Wikijunior:Raspberry Pi/Contributing

The goal of this book is provide a useful free guide to the Raspberry Pi adapted from tutorials made by Cotswold Jam and others. The tutorials themselves are available at I have also archived these files on my GitHub and on the Wayback Machine.

To-do edit

  • Organise assets for Button Invaders
  • Suggestion for a Charlieplexed 7-LED "H"-shaped dice tutorial.
  • Suggestion for a game inspired by the Haynes electronics advent calendar such as Simon Says.
  • Raspberry Pi Zero cake tutorial with the printout
  • Introduction to Python tutorial
  • A No Pi! No Problem logo and wikibox which is similar to the current information and warning (uses prohibited symbol 🚫)?
  • All the images for the Cotswold Jam tutorials
  • Ensure all the source code files use h3 headings and line numbers
  • Introduction to the Raspberry Pi - the ports

Types of tutorials edit

There are 4 types of tutorial that Cotswold Jam taught:

  • Electronics tutorials use electronic components such as breadboards, resistors, LEDs, switches and jumper wires.
  • Minecraft: Pi Edition
  • w:Scratch tutorials teach the visual Scratch language which can be attempted on just about any platform (Windows, macOS, GNU/Linux, etc.).
  • w:Raspberry Pi OS is the new name for Raspbian, these tutorials are almost engtirely software based.

Of course, we can add others providing they are compatible with a Raspberry Pi and suitable for an 8-12 year old audience.

Tasks edit

Additional content edit

  • Add tutorials – They can be obtained from: We also accept 3rd party tutorials as long as they are available under a compatible licence (public domain or CC-BY-SA). Such as:
  • No Pi, No Problem! – Add instructions where possible for the Raspberry Pi OS and Scratch tutorials for setting up these to work on a standard computer running Windows, macOS or a GNU/Linux distro such as Ubuntu. We need documentation for:
  • Forward compatibility testing – Test that all of these tutorials work on the latest Rasberry Pi models! The latest model is the Raspberry Pi 4, as of November 2022. Also that any Python 2 tutorials have been modified to work with Python 3.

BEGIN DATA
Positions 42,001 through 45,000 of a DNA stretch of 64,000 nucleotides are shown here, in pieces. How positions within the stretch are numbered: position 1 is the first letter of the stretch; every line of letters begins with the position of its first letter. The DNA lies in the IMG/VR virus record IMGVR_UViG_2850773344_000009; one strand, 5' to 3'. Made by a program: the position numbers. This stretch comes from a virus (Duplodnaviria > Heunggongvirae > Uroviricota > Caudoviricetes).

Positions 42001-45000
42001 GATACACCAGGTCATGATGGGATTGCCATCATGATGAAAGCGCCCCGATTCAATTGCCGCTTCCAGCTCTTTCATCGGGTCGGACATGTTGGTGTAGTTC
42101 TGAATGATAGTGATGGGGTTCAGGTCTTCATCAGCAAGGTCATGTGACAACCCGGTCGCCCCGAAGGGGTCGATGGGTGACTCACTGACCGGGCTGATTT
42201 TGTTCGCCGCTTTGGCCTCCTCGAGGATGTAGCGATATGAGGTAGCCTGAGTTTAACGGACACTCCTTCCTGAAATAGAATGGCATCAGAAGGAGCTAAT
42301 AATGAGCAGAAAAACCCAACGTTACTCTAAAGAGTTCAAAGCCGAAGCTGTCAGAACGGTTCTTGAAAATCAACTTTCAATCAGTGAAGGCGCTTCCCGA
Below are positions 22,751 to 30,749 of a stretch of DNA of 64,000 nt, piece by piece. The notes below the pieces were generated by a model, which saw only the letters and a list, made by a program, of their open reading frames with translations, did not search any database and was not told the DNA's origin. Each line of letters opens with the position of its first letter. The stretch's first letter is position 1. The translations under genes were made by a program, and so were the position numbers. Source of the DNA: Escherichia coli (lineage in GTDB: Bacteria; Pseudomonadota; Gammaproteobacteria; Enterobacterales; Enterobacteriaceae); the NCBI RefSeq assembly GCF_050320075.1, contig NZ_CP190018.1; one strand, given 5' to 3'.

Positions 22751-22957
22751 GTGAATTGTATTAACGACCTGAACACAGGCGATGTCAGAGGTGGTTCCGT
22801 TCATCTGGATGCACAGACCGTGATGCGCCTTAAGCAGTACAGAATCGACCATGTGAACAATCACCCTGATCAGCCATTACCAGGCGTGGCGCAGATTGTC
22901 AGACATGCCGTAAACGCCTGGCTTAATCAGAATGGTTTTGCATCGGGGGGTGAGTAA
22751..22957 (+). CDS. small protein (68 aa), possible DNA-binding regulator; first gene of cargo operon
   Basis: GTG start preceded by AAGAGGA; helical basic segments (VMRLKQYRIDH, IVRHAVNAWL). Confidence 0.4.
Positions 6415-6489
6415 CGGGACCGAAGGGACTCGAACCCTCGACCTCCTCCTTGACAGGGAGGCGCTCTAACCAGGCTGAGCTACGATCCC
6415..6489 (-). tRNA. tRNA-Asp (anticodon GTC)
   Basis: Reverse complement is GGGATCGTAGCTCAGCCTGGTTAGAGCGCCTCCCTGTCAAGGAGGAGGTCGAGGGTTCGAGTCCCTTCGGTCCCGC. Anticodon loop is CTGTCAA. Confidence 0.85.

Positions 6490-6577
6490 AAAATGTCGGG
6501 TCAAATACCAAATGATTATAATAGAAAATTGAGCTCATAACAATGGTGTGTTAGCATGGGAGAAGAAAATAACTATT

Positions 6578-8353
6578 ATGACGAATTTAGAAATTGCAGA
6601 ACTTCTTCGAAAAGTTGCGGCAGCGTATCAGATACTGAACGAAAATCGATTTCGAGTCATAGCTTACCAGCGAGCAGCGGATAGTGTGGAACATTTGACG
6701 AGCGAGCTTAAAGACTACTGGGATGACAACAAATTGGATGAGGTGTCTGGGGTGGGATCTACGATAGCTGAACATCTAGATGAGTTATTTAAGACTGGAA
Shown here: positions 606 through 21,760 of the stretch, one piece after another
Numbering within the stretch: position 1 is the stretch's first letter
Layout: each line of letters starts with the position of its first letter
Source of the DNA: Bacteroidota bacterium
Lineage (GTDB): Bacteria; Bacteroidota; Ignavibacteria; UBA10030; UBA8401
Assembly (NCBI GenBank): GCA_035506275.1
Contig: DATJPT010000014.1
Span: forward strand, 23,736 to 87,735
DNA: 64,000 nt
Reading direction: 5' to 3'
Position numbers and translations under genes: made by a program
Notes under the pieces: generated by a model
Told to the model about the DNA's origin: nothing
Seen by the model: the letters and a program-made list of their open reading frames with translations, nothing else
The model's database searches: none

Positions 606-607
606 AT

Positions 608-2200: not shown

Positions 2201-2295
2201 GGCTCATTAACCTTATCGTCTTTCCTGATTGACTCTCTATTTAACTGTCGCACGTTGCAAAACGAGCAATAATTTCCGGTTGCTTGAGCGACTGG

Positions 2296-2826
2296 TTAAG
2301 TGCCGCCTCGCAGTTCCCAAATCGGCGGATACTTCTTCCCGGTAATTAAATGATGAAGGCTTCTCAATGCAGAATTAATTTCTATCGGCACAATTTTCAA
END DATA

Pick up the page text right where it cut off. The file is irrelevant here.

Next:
• Introductions for each section

Wording edit

  • Improve wording in the chapters – the guides should be adjusted to read like a book and less like standalone leaflets. The depth and quality of guides should be consistent across chapters.
  • Conform to our Manual of Style – the guides should be run through spell-checking software such as Grammarly and usage of symbols such as en dashes (–) and em dashes (—) should be consistent. I've started marking components and GPIO pins in bold to make them easy to see.
  • Rename chapters – some chapters have names which make sense for standalone leaflets, but are not useful book chapter names.

Images edit

Add screenshots and diagrams to the tutorials edit

Upload them to the specially-made c:Category:Raspberry Pi tutorials on Wikicommons.

Create SVG diagramss edit

Ideally, all images that are not photographs nor screenshots should be c:SVG as per the Wikicommons guidelines – because they take up less file space and are infinitely re-scalable. Also w:Fritzing (see below) apparently exports to SVG.

Recreate some low-resolution diagrams/screenshots edit

Some images are low-resolution and may be unclear.

Fritzing diagrams for every electronics tutorial edit

Every electronics tutorial should have at least one Fritzing diagram. Preferably, multiple diagrams to help illustrate each step. Fritzing charges a minimum of €8 EUR (~$10 USD or ~£7 GBP) for binaries from their website, as of November 2022:

New screenshots for Scratch 3 edit

Scratch 3 was released in January 2019 and has a different user interface. Make sure that the Scratch cat mascot is not included as it's a registered trademark! See: c:Commons:Deletion requests/Files containing Scratch trademarks

Scratch has its own markup language called Scratchblocks which can be used to rapidly create SVG block diagrams. Ideally all diagrams should be recreated this way: